With the growing technology and new inventions, there are also new ideas, which could be threatening to the patenting regime. New coming websites, which allow people to create things by allowing designs for free or a meagre amount have played a significant role in facilitating patent violations by the users. The Do-It-Yourself (DIY)  websites share the CAD files for free and with an easy download facility in a cost effective way to print the products, these websites have enabled the users to replicate the products which could have cost thousands of rupees in a normal course. The nature of CAD files is also significant while we consider the factors which are prominent in such patent violations, the CAD files can easily be shared online and once the user has gained access to the CAD file, the user gets full liberty to use, sell, and distribute the patented product without any consent and knowledge of the owner. The cost of medical technology being extremely high has made access to healthcare and such technology very limited and this problem has led to individuals producing counterfeit goods to sell at cheaper costs in the market. The rate of infringement of patented goods in this scenario is very high. 

Additionally with the websites being the facilitators or intermediaries in such situations, the liability of the website for infringement is also crucial. The concept of contributory infringement is fully developed in copyright infringement cases but in the field of patent law, the jurisprudence is still evolving. For the time being, Intermediary Guidelines, 2011 could prove useful to some extent.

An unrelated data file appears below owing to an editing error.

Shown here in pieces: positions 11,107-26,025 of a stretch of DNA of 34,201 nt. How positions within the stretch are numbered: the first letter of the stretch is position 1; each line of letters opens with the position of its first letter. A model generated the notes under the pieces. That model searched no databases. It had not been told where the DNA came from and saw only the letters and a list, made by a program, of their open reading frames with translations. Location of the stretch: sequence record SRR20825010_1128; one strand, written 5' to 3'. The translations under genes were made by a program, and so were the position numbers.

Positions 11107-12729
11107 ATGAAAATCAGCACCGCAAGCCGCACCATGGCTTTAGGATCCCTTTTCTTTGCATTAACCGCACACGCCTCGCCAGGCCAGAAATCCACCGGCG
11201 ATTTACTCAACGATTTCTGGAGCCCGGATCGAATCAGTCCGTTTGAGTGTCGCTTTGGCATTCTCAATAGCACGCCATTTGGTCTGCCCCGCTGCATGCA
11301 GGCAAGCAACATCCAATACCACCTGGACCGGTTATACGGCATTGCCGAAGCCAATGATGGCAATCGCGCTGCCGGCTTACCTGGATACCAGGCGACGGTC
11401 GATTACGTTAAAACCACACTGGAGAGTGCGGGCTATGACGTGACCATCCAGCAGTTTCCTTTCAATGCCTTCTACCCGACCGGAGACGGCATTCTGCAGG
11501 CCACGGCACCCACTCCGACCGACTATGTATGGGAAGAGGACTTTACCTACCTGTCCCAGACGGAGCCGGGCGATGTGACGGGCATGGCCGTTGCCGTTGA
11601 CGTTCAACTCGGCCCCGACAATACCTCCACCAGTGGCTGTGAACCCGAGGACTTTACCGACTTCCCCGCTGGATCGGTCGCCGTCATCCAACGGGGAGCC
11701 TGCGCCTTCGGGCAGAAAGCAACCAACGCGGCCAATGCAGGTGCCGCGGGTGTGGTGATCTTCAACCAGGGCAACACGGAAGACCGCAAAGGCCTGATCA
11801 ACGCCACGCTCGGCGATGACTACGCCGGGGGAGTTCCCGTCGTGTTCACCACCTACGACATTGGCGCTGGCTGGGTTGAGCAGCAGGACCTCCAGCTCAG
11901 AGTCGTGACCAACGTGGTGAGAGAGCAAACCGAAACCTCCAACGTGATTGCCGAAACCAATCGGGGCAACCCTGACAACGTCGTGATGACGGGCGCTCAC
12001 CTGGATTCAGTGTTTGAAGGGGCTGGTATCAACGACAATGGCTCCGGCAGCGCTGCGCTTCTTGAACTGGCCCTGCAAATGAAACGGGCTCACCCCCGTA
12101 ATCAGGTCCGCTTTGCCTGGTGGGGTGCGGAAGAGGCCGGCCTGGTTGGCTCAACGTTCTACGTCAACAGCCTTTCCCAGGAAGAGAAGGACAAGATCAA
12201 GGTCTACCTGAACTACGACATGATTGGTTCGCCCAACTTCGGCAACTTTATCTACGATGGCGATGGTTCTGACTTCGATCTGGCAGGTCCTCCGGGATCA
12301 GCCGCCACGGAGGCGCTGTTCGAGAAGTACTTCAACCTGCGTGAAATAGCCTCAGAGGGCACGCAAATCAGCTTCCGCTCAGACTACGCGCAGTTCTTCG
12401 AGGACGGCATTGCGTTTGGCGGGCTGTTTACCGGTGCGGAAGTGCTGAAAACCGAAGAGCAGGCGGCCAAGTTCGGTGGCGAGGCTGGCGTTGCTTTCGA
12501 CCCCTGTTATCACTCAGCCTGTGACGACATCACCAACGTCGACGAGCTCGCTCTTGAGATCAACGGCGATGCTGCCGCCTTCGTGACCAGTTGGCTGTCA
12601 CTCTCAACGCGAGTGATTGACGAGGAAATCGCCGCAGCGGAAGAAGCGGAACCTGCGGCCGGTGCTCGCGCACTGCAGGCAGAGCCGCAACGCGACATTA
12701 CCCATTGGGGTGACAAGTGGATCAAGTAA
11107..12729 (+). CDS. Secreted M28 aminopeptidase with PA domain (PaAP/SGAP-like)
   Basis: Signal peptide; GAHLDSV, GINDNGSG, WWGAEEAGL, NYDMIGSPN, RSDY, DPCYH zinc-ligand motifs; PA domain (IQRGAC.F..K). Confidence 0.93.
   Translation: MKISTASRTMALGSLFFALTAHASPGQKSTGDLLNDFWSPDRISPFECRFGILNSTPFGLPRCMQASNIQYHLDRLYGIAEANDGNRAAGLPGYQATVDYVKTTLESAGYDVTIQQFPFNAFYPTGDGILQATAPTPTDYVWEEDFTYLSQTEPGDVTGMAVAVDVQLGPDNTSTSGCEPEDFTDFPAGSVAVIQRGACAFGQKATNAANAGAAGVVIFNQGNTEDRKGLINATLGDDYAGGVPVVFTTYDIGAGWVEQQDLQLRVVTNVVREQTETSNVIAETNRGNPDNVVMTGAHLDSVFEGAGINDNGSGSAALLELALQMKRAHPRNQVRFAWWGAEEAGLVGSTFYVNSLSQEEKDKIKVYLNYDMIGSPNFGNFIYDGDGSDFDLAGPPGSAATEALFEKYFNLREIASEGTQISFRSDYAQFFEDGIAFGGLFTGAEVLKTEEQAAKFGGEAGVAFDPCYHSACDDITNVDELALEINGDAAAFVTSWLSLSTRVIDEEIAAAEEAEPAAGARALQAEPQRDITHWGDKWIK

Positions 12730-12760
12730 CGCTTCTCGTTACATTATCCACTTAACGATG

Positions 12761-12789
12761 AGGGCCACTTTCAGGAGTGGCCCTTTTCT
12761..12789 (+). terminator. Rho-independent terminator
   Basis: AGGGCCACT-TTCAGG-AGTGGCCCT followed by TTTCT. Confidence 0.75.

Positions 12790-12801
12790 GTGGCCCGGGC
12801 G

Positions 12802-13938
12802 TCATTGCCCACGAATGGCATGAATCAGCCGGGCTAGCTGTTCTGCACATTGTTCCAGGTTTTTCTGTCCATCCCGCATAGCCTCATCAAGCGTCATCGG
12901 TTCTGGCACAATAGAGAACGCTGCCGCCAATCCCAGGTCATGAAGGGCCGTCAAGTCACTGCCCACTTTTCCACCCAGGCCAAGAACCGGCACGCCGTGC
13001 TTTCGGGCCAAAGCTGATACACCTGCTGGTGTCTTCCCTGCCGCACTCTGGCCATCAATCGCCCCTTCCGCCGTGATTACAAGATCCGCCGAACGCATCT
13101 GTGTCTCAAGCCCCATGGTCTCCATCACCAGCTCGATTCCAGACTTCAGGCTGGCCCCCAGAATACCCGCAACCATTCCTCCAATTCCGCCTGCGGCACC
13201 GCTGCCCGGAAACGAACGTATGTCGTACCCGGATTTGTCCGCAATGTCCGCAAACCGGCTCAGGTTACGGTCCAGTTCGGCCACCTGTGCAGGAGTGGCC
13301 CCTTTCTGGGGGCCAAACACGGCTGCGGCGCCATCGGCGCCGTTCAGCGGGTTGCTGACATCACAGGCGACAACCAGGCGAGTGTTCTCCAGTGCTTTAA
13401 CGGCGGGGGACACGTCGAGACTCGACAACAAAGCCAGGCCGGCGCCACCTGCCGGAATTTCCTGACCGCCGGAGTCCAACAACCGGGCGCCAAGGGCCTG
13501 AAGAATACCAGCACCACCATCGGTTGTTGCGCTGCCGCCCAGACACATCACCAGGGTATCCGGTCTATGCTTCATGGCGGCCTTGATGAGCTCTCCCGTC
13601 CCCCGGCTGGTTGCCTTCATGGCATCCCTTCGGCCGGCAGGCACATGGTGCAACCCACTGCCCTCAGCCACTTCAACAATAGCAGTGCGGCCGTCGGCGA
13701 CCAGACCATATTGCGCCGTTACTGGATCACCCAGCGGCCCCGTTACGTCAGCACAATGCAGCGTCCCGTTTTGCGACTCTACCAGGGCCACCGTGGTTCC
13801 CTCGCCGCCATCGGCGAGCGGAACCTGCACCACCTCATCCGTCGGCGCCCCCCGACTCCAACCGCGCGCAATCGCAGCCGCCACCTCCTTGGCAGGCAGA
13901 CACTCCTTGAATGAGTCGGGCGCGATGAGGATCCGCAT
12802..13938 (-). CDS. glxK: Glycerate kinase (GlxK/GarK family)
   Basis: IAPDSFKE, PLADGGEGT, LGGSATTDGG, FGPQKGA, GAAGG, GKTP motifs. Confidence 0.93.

The manner in which these websites operate is also important here because the user data is protected by rules of privacy followed by the websites and it keeps the infringers in these cases anonymous, hence the liability cannot be pinned on one person directly, resulting in piles of litigation. The rights granted with patents include the right to prevent others from producing the product and in the case when the identity of users is left anonymous by the websites, it is very difficult to trace the infringers and otherwise effective mechanisms of injunction cannot work. It is also imperative to decide whether the mere download of the CAD file would result in infringement or when the actual printed product only amounts to infringement.’

Conclusion:

The concept of bioprinting is absolutely set to bring landmark changes to the patenting regime in India, however, we need to focus on the process of bioprinting distinct from biomaterial or naturally occurring organ/tissue facets of the process. With 3D printing comes solutions to many problems ranging from making easily available prosthetic limbs for amputees to providing cost-effective space technology. Much like the internet, it is heavily criticised because of legal problems brought forth by this movement. However, with the help of some solutions, 3D printing could be the solution to many problems in the world. As technology is growing with the changing dynamics and needs of society, it is up to us to rise to the level of 3D printing to deal with the legal challenges that it poses before us.

Sakshi Garg

Author

Sakshi hails from Rajiv Gandhi National University of Law, Punjab and spends most of her time reading books and exploring new music. Her interest area lies in corporate, securities, financing and banking laws. For any clarifications, feedback, and advice, you can reach her at sgarg19498@gmail.com